Part 3: Determining Your Usage Profile
Previously, we talked about how to determine your user personas.
Once you understand why your organization needs a business intelligence solution and who your primary personas are, the next step is understanding how your users will need to access and use data to meet the goals of the use case.
Here are the critical assessment factors for determining the usage methods:
Ad-hoc vs Static Reports
In order to determine whether you need ad-hoc or static reports, ask yourself or your team, “How often will report needs change?” or “How well-defined are my use cases?” If the scope of the use case is very limited or very well-defined, and the expectation is that the scope of the use case will change very rarely, your usage profile requires static reports.
For example, a financial statement is a static report. A balance sheet and income statement are well-defined reports, backed up by Generally Acceptable Accounting Principles (GAAP). The format is not going to change very often and the corporate values that contribute to the report are pretty static.
However, most use cases are not as well-defined. In many cases, users don’t know what they need. (And why would they? They’ve never used a BI tool.) Generally, what users think they need initially will be different from what they need once the user better understands what data is available from the BI solution. This results in a change of needs on a case-by-case basis. This type of usage would be helpful for helpdesk users, who need to pull user tickets and gather data on a case-by-case basis.
It’s impossible to write all of your usage cases down up front, before you have used a BI tool. Therefore, you need an agile solution for this use case that provides ad-hoc report building. We’ll cover this in greater detail in part 2 of this guide, but categorize your use case into either an ad-hoc or static report requirement for now.
How time sensitive is the data you will be pulling? In order for the data to meet the needs of the use case, does it need to be pulled in real-time or near real-time (i.e. not more than 24 hours old)? Or is the use case need for historical data? The answer could be all three. This is an important factor because many BI solutions do not provide real-time data, but rather report on an archived or cached set of data.
In our helpdesk example above, it would not be helpful for the sales team to have a report of tickets by potential customers if the report is one week, or even one day, old. The team would be calling customers today and would need to know if a ticket was opened today.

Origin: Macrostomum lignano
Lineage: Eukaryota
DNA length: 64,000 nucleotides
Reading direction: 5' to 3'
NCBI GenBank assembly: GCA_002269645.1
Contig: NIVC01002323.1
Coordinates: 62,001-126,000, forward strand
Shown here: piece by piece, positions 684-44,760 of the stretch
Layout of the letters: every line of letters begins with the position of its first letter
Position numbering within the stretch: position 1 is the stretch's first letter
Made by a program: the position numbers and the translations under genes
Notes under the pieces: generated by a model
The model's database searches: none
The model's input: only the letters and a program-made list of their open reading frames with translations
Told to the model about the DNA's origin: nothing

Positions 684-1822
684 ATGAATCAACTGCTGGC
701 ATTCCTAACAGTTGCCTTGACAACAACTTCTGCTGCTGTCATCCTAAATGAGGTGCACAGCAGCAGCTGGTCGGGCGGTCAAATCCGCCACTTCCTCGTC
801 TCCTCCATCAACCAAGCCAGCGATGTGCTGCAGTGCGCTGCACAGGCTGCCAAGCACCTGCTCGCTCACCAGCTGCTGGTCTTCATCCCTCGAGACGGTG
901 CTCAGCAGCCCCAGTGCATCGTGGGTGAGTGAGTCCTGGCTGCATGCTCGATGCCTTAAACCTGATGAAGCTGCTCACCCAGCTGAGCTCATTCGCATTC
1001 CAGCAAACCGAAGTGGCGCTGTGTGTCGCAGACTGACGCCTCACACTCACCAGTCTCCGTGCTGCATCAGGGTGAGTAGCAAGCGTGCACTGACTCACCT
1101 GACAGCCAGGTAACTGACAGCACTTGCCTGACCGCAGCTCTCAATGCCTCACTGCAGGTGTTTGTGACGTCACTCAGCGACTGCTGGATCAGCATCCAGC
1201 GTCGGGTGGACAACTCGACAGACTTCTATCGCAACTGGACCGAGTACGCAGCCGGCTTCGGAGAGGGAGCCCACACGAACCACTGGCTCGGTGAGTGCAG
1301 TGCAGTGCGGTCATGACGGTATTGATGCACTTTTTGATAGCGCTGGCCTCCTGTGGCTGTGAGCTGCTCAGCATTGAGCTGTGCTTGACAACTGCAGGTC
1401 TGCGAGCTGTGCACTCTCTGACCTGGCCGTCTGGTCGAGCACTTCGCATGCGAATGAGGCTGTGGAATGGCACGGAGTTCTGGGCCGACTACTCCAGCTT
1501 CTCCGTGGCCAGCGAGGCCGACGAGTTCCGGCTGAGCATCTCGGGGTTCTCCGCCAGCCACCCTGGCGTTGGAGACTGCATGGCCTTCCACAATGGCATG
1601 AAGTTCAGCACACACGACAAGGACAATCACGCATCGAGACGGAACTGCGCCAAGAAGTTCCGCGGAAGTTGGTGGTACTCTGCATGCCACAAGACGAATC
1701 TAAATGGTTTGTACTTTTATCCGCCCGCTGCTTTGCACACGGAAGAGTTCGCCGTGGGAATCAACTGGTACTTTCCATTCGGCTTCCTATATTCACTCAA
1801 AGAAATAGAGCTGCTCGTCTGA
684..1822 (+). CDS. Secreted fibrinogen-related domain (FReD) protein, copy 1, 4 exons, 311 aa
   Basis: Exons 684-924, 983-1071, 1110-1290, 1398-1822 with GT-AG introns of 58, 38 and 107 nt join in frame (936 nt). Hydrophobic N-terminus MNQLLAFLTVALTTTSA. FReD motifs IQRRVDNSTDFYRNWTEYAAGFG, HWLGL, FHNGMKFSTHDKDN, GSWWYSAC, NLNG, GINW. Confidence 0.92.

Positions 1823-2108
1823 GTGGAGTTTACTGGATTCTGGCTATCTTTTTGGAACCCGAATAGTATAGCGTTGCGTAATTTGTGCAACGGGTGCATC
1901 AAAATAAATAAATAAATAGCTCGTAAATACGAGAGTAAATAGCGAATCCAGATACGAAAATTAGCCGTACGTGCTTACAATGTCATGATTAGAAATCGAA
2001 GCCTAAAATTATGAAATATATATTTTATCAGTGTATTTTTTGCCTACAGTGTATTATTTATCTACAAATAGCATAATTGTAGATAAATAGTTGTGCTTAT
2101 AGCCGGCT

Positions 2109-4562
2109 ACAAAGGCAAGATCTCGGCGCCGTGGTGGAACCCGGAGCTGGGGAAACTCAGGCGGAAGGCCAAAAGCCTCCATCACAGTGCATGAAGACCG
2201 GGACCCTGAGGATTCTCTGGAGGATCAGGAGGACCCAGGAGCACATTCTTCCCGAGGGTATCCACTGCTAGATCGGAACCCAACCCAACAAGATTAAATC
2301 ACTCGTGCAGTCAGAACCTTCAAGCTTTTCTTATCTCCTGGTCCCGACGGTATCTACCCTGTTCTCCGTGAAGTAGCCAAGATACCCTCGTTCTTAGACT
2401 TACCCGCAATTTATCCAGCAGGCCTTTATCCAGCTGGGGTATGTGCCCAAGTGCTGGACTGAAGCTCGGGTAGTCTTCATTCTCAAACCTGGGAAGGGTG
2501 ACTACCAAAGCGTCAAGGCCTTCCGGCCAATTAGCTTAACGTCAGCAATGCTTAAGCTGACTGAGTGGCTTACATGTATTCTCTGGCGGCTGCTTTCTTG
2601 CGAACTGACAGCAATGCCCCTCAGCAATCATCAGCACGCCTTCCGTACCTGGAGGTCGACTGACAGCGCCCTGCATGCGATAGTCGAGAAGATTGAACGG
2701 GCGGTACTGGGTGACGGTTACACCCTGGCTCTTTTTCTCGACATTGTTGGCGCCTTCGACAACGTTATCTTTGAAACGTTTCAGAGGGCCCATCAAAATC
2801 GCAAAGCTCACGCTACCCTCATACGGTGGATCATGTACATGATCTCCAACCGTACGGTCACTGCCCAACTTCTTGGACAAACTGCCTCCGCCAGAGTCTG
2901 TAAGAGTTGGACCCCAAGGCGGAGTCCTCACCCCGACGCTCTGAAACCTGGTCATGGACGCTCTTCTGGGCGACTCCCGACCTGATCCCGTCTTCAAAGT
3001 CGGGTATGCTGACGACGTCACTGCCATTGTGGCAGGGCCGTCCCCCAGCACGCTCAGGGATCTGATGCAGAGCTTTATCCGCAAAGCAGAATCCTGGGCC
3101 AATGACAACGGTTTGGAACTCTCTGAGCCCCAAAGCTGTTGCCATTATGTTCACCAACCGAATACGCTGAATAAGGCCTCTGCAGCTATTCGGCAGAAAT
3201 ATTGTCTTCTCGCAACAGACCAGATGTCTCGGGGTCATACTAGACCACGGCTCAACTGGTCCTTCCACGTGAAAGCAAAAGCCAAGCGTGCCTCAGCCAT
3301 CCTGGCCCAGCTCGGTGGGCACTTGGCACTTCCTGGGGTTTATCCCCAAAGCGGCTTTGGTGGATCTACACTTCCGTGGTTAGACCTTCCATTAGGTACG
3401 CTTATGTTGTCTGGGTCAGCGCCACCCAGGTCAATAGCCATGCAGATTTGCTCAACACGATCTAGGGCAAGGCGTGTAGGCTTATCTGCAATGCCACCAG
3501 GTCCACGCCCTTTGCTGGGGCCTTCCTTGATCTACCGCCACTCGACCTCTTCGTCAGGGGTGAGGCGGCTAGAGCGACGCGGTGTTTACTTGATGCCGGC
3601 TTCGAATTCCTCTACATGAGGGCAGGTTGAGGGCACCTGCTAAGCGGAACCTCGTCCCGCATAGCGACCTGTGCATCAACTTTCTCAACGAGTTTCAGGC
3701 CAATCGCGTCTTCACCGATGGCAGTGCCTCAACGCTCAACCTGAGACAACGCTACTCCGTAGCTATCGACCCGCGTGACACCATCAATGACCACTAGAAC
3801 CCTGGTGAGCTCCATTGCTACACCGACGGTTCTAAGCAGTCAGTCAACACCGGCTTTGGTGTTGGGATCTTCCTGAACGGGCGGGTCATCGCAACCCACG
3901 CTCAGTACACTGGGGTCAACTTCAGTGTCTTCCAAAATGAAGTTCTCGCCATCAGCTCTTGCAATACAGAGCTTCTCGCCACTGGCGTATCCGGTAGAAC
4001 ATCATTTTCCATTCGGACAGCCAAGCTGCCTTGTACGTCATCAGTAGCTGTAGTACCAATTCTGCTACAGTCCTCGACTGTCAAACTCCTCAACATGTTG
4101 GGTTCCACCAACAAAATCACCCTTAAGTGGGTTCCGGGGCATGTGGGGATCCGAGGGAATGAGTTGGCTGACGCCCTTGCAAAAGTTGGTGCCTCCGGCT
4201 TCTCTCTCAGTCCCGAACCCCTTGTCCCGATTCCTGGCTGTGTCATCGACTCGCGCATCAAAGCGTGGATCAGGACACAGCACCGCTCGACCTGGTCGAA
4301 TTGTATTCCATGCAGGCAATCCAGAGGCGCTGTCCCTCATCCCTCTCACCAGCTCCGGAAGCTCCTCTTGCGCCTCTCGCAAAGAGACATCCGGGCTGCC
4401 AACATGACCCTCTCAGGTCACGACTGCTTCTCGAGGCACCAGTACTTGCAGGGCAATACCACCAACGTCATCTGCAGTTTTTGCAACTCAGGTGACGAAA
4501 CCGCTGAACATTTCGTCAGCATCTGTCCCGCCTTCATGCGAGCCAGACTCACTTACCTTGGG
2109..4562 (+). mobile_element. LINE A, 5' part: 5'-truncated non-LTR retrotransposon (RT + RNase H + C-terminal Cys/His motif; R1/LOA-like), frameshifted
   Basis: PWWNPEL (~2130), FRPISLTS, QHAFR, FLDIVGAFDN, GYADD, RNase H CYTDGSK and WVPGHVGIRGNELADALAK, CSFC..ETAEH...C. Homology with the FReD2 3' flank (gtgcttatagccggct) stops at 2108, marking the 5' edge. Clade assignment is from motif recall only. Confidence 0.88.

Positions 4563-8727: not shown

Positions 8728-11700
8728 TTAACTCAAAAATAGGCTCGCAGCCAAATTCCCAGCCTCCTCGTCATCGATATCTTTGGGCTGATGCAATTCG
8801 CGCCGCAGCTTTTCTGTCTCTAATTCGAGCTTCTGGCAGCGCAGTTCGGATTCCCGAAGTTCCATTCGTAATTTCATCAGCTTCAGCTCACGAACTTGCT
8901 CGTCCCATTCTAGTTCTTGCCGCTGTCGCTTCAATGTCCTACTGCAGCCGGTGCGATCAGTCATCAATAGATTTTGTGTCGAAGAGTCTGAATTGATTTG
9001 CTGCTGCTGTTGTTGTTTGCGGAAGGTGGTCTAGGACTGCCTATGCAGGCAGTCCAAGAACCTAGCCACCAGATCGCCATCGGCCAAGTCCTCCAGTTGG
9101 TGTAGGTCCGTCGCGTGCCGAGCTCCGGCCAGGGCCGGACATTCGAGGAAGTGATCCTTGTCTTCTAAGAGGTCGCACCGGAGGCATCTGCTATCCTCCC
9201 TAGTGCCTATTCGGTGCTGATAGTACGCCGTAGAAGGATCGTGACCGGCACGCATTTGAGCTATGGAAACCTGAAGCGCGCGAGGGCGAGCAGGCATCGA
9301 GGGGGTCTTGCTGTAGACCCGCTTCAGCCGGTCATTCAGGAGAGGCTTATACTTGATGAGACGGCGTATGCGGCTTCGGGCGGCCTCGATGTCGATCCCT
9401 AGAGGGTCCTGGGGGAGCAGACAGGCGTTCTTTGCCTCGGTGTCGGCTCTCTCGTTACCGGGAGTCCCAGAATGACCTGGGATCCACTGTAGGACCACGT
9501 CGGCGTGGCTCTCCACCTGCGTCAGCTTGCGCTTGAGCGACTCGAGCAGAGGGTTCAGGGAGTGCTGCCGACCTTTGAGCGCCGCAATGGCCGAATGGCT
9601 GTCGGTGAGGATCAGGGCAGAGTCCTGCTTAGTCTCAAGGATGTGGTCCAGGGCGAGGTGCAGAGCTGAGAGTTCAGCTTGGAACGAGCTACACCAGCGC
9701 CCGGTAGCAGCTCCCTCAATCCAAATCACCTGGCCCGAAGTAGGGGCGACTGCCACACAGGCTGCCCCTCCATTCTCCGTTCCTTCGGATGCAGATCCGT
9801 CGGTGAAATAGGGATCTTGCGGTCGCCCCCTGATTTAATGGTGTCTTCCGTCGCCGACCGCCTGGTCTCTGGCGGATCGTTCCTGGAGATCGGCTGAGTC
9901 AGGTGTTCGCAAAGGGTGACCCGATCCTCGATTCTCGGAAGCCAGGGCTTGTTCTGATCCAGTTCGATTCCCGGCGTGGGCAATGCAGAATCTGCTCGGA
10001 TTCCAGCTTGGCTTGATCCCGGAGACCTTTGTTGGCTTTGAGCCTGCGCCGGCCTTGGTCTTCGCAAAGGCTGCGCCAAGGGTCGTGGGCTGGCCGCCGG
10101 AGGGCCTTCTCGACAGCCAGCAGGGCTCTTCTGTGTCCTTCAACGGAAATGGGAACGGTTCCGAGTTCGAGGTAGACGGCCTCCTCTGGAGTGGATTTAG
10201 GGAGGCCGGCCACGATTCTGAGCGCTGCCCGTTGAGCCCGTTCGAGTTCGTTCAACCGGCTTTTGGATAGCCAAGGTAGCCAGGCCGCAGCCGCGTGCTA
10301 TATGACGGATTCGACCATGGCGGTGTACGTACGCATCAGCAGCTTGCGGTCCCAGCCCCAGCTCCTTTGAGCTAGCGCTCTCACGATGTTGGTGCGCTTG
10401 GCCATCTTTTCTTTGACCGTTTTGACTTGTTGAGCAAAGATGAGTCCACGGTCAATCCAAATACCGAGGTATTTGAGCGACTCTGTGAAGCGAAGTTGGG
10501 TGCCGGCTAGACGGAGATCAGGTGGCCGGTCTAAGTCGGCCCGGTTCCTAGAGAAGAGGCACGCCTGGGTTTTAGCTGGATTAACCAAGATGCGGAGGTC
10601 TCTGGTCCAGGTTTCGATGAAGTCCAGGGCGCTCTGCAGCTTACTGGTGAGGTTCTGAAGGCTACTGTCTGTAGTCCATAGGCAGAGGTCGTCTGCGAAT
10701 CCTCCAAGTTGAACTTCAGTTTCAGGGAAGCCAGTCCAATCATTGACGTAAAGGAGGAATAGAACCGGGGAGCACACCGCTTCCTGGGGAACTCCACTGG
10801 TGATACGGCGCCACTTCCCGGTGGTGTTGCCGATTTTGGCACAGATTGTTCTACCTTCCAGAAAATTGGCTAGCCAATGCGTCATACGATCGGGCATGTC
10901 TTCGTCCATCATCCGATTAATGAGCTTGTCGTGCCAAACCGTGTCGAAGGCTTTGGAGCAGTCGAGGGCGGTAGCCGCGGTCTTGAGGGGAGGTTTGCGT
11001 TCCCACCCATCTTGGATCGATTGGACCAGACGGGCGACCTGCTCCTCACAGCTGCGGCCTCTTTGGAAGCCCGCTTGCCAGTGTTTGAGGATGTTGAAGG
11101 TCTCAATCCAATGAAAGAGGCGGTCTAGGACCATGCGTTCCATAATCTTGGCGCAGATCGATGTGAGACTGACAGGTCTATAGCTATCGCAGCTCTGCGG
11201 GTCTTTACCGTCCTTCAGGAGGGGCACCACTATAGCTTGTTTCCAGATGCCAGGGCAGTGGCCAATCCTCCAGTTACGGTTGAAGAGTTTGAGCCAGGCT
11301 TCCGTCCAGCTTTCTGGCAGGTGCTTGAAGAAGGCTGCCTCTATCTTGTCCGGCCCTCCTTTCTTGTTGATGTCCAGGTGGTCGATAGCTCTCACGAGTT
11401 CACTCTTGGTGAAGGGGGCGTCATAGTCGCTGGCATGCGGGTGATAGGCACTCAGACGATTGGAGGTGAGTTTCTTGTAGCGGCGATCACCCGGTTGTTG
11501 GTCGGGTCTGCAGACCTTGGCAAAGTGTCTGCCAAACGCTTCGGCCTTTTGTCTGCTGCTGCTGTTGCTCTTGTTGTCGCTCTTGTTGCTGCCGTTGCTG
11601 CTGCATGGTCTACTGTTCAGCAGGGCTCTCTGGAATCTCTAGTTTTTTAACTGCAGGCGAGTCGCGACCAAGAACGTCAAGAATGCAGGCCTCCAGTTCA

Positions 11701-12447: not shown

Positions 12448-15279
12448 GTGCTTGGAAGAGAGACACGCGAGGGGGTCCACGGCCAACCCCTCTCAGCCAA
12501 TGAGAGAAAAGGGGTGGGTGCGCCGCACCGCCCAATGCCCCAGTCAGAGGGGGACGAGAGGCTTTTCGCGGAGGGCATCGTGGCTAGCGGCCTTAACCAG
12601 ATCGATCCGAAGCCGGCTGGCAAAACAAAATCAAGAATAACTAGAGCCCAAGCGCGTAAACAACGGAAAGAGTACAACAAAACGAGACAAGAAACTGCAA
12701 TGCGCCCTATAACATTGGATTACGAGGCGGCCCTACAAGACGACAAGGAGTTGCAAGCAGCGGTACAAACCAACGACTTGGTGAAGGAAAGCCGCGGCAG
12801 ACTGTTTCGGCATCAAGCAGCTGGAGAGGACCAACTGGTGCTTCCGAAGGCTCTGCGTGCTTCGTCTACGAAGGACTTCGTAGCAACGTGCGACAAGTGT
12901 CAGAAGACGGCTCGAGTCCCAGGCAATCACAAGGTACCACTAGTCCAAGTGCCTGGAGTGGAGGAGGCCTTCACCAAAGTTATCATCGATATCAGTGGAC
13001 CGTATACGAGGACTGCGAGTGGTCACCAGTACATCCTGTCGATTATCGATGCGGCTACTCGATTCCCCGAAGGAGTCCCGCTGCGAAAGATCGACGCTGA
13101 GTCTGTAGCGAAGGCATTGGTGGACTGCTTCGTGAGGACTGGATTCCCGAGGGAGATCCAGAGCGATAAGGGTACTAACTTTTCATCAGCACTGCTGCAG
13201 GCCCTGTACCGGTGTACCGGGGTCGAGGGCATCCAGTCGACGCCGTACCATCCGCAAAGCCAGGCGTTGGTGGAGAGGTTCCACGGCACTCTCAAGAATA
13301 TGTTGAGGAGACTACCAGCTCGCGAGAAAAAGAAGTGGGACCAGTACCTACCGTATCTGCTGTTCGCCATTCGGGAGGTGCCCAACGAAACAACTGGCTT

There are also cases where real-time data is not needed. For example, examining the number of fulfilled sales orders per territory during the past two years wouldn’t require real-time data. In fact, including the real-time information in this report could weaken the data quality of the report by including recent sales order that could potentially be cancelled and not fulfilled in the report results.
Security needs are also important to consider. While it could be very useful to give a use case stakeholder access to data, you must consider potential security threats. These threats can range from no security impact to imagining the bad PR you’ll get when all your customer credit card and PIN information is leaked. Compliance and industry regulatory standards also fall under security concerns. You wouldn’t want to expose any data that would violate governmental regulations. For all other situations, generally limiting users to only what they need to know would be a smart idea.
This may not be the first factor you consider, but how important are the formats in which your reports are delivered? Formatting becomes important if data is going out to customers or the public, or if the reports need to be formatted according to your company’s brand guidelines. Additionally, if reports will be given to company executives, the reports should be well-polished. If any of these are likely, report formatting should be something you consider.
On the other hand, if the reports will primarily be used internally, the formality of the report appearance is not as important. You will see later, in part 2 of this guide, that this impacts price and vendor selection, so it’s important to know this information now.
How will users access the report? Will it be only in the office on their desktop or will mobile access be needed? Do they need offline access with the ability to review cached data even when not connected to the network? While it’s easy to say “we want to be able to access reports from any device and anywhere,” taking this approach may cause you to buy software that costs too much and requires more complexity than you need. If mobile access is not needed, set it as a “nice to have” feature but for the specific use case you’re solving indicate that it does not need it.
What type of outputs are needed? This section would be the most similar to the traditional RFP process. Based on the use cases above there are specific outputs and technical things needed. Try to be as specific as possible and as mentioned above keep it to exactly what the use case needs (not what you may need in the future for a different use case). In part 2 of this guide we provide a list of functional requirements to help guide your thinking in this area but here are some major categories of outputs to consider now:
- Charts and Graphs
- Web Accessible
- Embedded Reports
- Printed Forms
- Scheduled Attachments (note which formats are needed)
- Program integration formats (XML, JSON)
In the next chapter, we will talk about determining your data profile.